The Lonely Nude
by Emily Dobson (Victoria University Press, $25)
Reviewed by Vaughan Rapatahana
This is a somewhat eclectic and often uneven second collection from a Hawkes bay-based poet: a mixture of poems that ‘work’ and a few that do not quite ‘hit the spot’, so to speak.
At her best, Dobson writes with an economical and elliptical panache, a honed skillsaw craftswomanship that quite delights. Take for example the poem “Like biting into stones, like rough sheets” – here in its entirety:
Like biting into stones, like rough sheets
I did not wash the spinach,
so the spinach was gritty.
Small stones sang in our teeth.
The new blue sheet
has pilled something chronic.
And the rain – it’s
really coming down,
after so long.
You, the sound of water,
in the other room –
a passing whistle.
There is a koan-ish, William Carlos Williams ambience to such work: the words and images hint at something more and never overstep the poetic mark. Dobson here also spreads her poem over a double page – a technique she intermittently does elsewhere also – the final stanza has an entire spare page to itself, given that in this slim volume such second page bits are also sometimes separate ‘found’ poems.
Dobson tends to cross-stitch several formats into the tapestry that is The Lonely Nude, by the way: there is prose, concrete verse, internal rhyme, namelisting, solitary stanza interpolated freely throughout. More, there is nothing too long, while a further condiment flavours via several snatches purloined and adopted/adapted from other writers – from Abraham Lincoln through Walt Whitman to Janet Frame; this poet is certainly not afraid to mix and match on her poetic skillet.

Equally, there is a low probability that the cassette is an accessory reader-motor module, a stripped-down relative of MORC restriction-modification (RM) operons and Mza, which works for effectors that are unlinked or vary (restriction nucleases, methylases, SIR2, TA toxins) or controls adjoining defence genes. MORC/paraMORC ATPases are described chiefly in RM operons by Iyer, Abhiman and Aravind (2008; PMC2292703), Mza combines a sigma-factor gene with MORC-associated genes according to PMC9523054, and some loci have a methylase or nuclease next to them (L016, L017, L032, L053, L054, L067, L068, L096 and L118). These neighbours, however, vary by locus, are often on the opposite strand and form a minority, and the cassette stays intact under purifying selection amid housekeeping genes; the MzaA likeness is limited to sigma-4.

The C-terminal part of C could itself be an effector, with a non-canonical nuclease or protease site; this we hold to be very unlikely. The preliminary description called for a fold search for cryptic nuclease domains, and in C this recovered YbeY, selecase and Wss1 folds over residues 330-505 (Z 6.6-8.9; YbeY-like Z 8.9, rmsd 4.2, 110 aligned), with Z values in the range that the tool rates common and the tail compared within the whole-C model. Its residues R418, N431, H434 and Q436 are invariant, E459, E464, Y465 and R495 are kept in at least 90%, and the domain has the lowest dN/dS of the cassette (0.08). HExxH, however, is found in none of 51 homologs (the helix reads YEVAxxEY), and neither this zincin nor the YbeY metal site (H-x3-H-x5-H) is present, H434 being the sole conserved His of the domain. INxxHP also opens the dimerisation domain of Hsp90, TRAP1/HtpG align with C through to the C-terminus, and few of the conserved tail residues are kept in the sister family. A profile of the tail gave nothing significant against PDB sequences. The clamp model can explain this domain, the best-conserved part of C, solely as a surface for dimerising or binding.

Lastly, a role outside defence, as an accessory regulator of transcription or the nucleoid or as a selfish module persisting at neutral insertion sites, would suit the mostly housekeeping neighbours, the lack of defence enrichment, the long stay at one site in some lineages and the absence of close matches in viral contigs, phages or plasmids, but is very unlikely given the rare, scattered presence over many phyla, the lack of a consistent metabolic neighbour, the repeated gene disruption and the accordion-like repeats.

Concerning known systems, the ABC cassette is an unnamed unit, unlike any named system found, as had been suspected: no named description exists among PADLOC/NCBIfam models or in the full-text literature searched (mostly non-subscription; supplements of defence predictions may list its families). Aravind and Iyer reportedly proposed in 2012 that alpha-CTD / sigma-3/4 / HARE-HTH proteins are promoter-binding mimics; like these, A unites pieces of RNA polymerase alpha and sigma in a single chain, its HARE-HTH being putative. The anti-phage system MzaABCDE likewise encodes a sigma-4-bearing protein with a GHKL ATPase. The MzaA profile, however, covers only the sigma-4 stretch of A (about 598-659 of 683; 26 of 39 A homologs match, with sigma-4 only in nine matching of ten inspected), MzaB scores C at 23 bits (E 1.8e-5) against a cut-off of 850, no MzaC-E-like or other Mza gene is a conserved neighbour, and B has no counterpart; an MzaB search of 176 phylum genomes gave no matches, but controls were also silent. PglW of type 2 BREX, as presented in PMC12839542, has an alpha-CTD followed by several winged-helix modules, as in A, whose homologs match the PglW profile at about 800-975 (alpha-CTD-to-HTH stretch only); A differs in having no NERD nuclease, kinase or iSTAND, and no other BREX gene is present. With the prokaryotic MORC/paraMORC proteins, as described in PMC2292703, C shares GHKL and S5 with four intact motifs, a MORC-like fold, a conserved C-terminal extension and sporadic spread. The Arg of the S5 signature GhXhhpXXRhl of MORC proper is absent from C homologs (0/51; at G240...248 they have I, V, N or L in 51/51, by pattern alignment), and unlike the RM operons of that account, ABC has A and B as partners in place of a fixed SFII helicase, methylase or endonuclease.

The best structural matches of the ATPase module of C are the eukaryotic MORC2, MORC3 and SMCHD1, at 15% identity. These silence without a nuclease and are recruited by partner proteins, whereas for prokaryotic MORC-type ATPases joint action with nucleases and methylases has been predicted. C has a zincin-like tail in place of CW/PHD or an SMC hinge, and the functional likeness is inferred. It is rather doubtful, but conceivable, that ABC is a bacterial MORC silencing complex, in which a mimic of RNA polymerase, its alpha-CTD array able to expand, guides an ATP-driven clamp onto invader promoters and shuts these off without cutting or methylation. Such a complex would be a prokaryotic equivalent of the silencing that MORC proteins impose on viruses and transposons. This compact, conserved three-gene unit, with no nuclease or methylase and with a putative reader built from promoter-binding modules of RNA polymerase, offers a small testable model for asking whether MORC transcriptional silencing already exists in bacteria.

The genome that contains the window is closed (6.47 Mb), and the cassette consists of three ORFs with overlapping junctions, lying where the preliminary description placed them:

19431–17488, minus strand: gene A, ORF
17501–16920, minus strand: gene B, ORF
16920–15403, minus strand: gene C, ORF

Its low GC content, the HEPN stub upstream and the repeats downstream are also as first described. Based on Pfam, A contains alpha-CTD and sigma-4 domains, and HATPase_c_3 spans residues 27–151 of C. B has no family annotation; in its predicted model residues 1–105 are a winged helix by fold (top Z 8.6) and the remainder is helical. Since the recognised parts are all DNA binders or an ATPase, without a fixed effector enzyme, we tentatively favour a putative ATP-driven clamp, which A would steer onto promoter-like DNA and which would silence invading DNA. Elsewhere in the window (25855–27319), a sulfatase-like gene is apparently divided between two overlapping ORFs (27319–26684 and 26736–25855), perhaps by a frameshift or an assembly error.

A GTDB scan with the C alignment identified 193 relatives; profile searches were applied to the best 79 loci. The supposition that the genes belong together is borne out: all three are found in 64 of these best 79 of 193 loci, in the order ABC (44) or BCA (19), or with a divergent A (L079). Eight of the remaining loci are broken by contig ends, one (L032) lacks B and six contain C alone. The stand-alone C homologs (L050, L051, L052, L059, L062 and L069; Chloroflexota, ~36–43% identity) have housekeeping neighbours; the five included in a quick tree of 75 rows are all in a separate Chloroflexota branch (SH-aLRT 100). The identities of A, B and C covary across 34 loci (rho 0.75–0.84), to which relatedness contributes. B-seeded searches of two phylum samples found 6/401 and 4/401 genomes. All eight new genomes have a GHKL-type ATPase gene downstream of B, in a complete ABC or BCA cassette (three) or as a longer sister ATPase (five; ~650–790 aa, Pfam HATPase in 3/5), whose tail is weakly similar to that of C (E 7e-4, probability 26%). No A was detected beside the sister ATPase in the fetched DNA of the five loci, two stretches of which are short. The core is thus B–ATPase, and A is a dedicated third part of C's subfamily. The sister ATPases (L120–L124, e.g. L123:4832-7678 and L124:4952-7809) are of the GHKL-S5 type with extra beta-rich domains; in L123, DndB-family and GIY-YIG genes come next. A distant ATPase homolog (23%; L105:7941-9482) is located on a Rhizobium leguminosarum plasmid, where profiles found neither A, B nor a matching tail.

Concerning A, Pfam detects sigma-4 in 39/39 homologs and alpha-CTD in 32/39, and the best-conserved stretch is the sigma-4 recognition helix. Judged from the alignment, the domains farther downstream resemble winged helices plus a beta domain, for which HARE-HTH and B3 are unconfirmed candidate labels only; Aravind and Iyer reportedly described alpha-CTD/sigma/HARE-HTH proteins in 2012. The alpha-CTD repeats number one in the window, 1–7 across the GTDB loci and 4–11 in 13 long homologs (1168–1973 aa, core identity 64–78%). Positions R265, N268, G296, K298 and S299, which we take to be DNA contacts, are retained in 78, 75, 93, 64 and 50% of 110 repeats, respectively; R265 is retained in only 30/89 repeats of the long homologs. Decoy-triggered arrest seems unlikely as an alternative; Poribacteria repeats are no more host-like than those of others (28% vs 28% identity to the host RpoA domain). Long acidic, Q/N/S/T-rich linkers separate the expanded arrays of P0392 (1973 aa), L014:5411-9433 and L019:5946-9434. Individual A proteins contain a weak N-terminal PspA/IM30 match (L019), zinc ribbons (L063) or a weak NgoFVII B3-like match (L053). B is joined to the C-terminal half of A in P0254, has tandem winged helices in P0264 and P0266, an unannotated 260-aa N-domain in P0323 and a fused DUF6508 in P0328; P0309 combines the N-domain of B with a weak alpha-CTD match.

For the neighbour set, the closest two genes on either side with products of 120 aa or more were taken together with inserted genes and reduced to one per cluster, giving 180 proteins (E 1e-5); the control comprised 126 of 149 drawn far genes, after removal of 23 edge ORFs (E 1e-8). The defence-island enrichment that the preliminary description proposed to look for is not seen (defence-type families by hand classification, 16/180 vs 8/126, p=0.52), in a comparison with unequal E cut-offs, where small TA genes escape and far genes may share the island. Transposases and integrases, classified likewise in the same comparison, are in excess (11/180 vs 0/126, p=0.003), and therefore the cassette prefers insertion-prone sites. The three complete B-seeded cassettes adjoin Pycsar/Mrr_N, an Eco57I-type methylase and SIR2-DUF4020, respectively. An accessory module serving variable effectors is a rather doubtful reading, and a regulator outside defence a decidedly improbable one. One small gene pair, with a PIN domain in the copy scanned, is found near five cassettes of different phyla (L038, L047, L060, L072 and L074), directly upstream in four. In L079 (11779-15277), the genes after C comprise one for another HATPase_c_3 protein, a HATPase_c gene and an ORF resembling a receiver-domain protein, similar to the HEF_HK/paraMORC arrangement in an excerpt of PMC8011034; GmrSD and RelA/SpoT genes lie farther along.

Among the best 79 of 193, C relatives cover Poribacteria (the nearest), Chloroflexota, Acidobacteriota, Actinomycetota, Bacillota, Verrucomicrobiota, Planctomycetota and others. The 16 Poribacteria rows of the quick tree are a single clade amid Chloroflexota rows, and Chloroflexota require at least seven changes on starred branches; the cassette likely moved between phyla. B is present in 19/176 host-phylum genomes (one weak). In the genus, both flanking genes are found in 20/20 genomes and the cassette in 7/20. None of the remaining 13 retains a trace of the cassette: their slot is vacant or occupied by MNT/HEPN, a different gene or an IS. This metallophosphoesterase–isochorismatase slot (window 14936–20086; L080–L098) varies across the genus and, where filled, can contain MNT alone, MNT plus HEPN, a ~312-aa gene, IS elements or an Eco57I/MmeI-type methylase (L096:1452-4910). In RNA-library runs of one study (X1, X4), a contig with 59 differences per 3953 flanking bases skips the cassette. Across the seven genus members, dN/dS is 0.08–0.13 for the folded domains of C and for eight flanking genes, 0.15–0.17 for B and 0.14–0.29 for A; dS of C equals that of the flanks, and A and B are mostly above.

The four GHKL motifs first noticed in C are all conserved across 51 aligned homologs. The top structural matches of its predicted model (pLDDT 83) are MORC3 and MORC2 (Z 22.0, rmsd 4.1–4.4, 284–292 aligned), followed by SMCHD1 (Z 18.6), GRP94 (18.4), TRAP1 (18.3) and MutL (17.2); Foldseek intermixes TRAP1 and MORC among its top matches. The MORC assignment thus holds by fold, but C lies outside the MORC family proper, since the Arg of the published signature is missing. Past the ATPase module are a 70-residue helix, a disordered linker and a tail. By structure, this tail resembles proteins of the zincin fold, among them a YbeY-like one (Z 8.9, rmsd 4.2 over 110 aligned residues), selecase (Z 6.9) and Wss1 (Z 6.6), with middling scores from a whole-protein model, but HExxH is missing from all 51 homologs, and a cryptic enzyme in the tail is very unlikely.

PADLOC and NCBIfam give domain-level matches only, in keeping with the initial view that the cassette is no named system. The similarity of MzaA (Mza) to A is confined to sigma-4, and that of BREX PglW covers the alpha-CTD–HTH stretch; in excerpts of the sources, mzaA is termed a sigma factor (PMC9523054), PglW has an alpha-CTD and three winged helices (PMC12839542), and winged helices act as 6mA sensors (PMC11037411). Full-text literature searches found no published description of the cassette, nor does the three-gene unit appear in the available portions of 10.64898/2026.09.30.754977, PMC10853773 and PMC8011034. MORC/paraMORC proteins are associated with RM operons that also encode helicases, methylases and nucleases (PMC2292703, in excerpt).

Other poems here, however, are not quite so wonderful. “O, spider! -“, for example comes across as rather glib, somewhat trite:
O, spider! –
building your web
between the Marist Society’s brick letterbox
and the tree –
I try to deliver the mail around it
but today my sleeve catches it
and tears half of it.
some days someone else has come
and cleared it
you are there the next day!
When the back cover blurb notes that ‘the poems in this collection [then] spent several years in Emily’s wardrobe’, I can quite believe it, after tasting these somewhat lesser morsels. Perhaps the poet just did not have sufficient materiel to conjure up a complete collection as impressive as her initial suchlike, namely “A Box of Bees”, from 2005?
Perhaps there is also an attempt to cover too many topic bases? The subject matter is extensive yet episodic and subdivided vaguely into seven sections – from vituperative sneering at Jude Law through a paean to Mother, to reminiscences of Mexico and beyond – and as earlier noted, the stylistic range is also rather extensive; but it all seems a little thinly spread and some poems don’t quite deliver accordingly.
Interestingly also, there is little that could be nominated as specifically Aotearoa-New Zealand in subject matter qua theme. Speaking of the latter also impels me to ask if the poet has a particular fixation with rain – many of the poems are concerned with downpours, showers, getting wet. She also seems to have a predilection for ‘bottom’; ‘anus’; ‘bum’ and ‘arse’ words!
Emily Dobson is most definitely master of her craft when she concentrates on tight personalized reflections of her own life scenes, such as when she was herself a lonely nude life model – these poems work more for me. Her more esoteric reflections and pseudo-postmodern wangles regarding how to write poems per se, such as “Notes: Paradoxical Undressing (hypothermia)”, tend to obfuscate and trip over their own feet.
If I had to My Kitchen Rules rate the collection, it certainly earns a sold passing mark somewhere about 6 or 7 – but I expected more from a poet who compiled a New Zealand Herald Book of the Year for her verse, albeit 9 years ago now.
Let’s end by going full circle – rather as Dobson does in her own book when harking back to being a nude model – by relaying/replaying another fine poem:
The house faces south
And we are crouched in the dark side of a hill.
The grass is long and always wet.
We envy the opposite: we long for its sun.
There are holes in it, tunnels,
like a pencil had been poked through.
The two pines are always black as pitch.
A guitar in the corner keeps creaking.
At night the little train all lit up inside
rattles briefly around the hill,
in and out of the tunnels.